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Repairing a Plaster Wall

Posted on February 21, 2018 at 7:05 AM
Today, we will answer the age old question: When were shoelaces invented?

Not really...but we will talk about how to repair damaged plaster walls using scrap drywall and joint compound. 

First, if you don't already know, it's good to understand the difference between drywall and plaster walls. Basically, both wall systems cover the 2x4 framing that makes up the structure of any wall. Plaster is put on wet in several layers over thin strips of wood nailed horizontally to the studs. Drywall is essentially gypsum and a few additives compressed between two pieces of heavy paper and is screwed (or nailed) directly to the stud structure. The joints between the sheets of drywall are then taped and covered with joint compound, sanded smooth, and painted. 

With a few simple tools, a bit of patience, sandpaper and some paint, you'll be able to make the damage look like it never even happened. 

You will need:
Drywall Patch (easy to find at Lowe's or Home Depot in a 2'x2' square) 
Joint Compound (also easy to find at any home improvement store)
Fiberglass tape 
Putty Knife (6")
150 grit sandpaper
Tape Measure
Utility Knife
Paint to match wall (or re-paint whole wall)

STEP 1: Assess the Damage
In the above picture, you can see some relatively shallow gouges in the plaster, as the lath is not exposed. 

Ouch! That's almost as ugly as Tom Brady's missed catch in this year's Superbowl. The damage is deep enough to reach the lath, but the lath is still intact.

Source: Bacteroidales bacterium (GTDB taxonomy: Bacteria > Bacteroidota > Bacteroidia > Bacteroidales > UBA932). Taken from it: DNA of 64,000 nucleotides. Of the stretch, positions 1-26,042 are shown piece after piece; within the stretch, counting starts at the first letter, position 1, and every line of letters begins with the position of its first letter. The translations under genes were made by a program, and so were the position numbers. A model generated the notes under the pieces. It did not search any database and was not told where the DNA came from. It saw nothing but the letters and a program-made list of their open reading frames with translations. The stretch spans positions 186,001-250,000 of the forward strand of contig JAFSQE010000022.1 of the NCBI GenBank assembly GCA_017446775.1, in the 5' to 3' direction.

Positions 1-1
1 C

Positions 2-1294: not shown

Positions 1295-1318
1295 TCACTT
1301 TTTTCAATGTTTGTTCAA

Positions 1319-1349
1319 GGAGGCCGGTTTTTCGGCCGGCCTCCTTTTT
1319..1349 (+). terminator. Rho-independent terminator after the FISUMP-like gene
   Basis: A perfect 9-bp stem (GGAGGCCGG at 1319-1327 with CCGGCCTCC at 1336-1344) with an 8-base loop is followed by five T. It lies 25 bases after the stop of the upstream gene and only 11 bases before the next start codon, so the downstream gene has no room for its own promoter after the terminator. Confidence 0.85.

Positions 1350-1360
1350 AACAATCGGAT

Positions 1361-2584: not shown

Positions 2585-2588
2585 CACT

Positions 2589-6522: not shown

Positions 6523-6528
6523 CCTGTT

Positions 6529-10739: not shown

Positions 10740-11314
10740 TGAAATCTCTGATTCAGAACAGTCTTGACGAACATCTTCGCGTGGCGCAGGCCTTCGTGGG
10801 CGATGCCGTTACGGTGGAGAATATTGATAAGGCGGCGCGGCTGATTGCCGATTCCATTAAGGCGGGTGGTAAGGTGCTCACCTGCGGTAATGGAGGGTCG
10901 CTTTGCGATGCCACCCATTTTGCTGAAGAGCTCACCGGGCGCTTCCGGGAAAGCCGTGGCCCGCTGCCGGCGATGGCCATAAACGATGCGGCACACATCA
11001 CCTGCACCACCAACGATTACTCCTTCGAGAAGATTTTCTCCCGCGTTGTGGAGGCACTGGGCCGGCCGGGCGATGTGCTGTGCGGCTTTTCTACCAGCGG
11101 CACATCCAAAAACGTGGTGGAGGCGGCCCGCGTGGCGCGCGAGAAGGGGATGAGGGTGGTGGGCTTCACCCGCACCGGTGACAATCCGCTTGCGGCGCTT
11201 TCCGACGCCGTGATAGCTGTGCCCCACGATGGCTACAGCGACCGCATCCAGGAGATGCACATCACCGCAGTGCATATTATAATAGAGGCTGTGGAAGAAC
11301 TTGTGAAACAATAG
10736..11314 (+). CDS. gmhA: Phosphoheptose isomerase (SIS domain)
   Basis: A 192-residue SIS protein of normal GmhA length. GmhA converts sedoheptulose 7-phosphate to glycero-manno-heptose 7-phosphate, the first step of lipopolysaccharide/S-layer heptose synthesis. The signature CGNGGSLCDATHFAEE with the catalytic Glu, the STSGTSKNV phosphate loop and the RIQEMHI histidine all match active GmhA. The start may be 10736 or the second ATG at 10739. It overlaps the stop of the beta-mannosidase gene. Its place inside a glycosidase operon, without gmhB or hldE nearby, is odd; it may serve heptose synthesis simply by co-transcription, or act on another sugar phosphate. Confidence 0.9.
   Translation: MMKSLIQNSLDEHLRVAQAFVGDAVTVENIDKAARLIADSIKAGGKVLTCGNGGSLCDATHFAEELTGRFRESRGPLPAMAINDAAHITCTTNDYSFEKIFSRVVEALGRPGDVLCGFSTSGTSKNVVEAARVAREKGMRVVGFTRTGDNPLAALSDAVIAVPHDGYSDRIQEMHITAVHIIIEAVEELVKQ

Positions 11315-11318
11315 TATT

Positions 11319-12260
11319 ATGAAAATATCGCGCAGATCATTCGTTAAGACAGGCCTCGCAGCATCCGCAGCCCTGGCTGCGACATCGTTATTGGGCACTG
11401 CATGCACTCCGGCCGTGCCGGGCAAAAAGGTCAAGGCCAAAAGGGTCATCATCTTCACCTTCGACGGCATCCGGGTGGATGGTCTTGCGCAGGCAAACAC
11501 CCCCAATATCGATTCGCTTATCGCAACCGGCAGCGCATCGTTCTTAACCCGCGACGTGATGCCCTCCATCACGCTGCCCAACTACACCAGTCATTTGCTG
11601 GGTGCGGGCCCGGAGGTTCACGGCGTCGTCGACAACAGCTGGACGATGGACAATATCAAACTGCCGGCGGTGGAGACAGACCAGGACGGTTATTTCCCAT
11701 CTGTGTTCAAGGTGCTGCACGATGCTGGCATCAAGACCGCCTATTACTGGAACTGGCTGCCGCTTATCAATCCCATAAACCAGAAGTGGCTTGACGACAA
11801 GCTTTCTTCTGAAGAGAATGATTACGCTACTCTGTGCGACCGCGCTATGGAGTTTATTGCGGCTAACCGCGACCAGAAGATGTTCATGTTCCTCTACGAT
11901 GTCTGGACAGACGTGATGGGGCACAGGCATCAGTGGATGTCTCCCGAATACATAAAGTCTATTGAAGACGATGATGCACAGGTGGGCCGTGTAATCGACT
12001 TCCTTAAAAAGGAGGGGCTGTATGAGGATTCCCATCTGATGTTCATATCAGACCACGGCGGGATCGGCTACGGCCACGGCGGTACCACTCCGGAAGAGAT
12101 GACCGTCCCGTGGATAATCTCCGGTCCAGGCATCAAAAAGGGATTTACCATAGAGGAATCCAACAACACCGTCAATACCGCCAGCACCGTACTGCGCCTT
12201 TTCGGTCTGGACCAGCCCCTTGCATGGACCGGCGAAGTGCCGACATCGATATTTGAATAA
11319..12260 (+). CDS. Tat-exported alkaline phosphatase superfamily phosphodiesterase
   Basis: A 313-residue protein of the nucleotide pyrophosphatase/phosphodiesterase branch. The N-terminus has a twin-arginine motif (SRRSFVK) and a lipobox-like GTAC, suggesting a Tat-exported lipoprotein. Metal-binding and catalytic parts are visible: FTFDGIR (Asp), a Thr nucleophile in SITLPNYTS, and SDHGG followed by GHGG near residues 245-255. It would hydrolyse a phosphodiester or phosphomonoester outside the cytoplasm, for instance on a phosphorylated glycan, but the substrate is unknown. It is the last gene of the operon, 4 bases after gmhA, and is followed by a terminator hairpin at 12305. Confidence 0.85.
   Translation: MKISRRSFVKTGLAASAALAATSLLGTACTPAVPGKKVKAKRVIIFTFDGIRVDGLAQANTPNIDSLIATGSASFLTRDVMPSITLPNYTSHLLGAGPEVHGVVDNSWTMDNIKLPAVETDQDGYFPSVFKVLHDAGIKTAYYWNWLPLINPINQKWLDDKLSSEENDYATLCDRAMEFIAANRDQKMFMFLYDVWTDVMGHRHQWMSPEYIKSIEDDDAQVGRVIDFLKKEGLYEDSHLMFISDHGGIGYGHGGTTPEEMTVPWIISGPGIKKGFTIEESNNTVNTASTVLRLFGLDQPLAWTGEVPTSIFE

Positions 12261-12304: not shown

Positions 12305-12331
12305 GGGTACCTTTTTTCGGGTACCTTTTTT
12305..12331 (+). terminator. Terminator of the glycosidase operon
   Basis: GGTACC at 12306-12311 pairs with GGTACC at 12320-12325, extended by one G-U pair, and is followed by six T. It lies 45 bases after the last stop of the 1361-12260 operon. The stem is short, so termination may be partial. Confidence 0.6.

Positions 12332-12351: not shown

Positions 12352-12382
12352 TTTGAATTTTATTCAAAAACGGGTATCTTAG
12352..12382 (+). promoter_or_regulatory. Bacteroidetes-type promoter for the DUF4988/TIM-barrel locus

STEP 2: Create a Template
Use a tape measure, template tool (above), or get a scrap bit of cardboard and trace the inner edge of the damaged area to the cardboard with a utility knife.
Transfer the measurements to a drywall patch and cut out using a utility knife. 

STEP 3: Install Filler Piece(s)
Behind the drywall is a layer of joint compound to help the patch adhere to the lath. I did this one in 3 pieces because I did not want to cut a uniform shape into the plaster and risk damaging an even larger area than necessary.

(Not pictured: apply a strip of fiberglass tape to give the repair some added strength)


Apply a layer of joint compound to the damaged areas using a putty knife. I would recommend using a 6" knife for larger patch work. You may need to wait 24hrs and add a second layer. 
Sand smooth with 150 grit sandpaper. 

Step 5: Paint

Once the patch has been sanded smooth, paint over the wall with matching paint, or just re-paint the whole wall (what I did for the client) and it will look like it never happened. 

BTW, no one knows exactly when shoelaces were first invented, but examples of lace-like straps on footwear date back to 3500 BC. They're just about as old as plaster walls!

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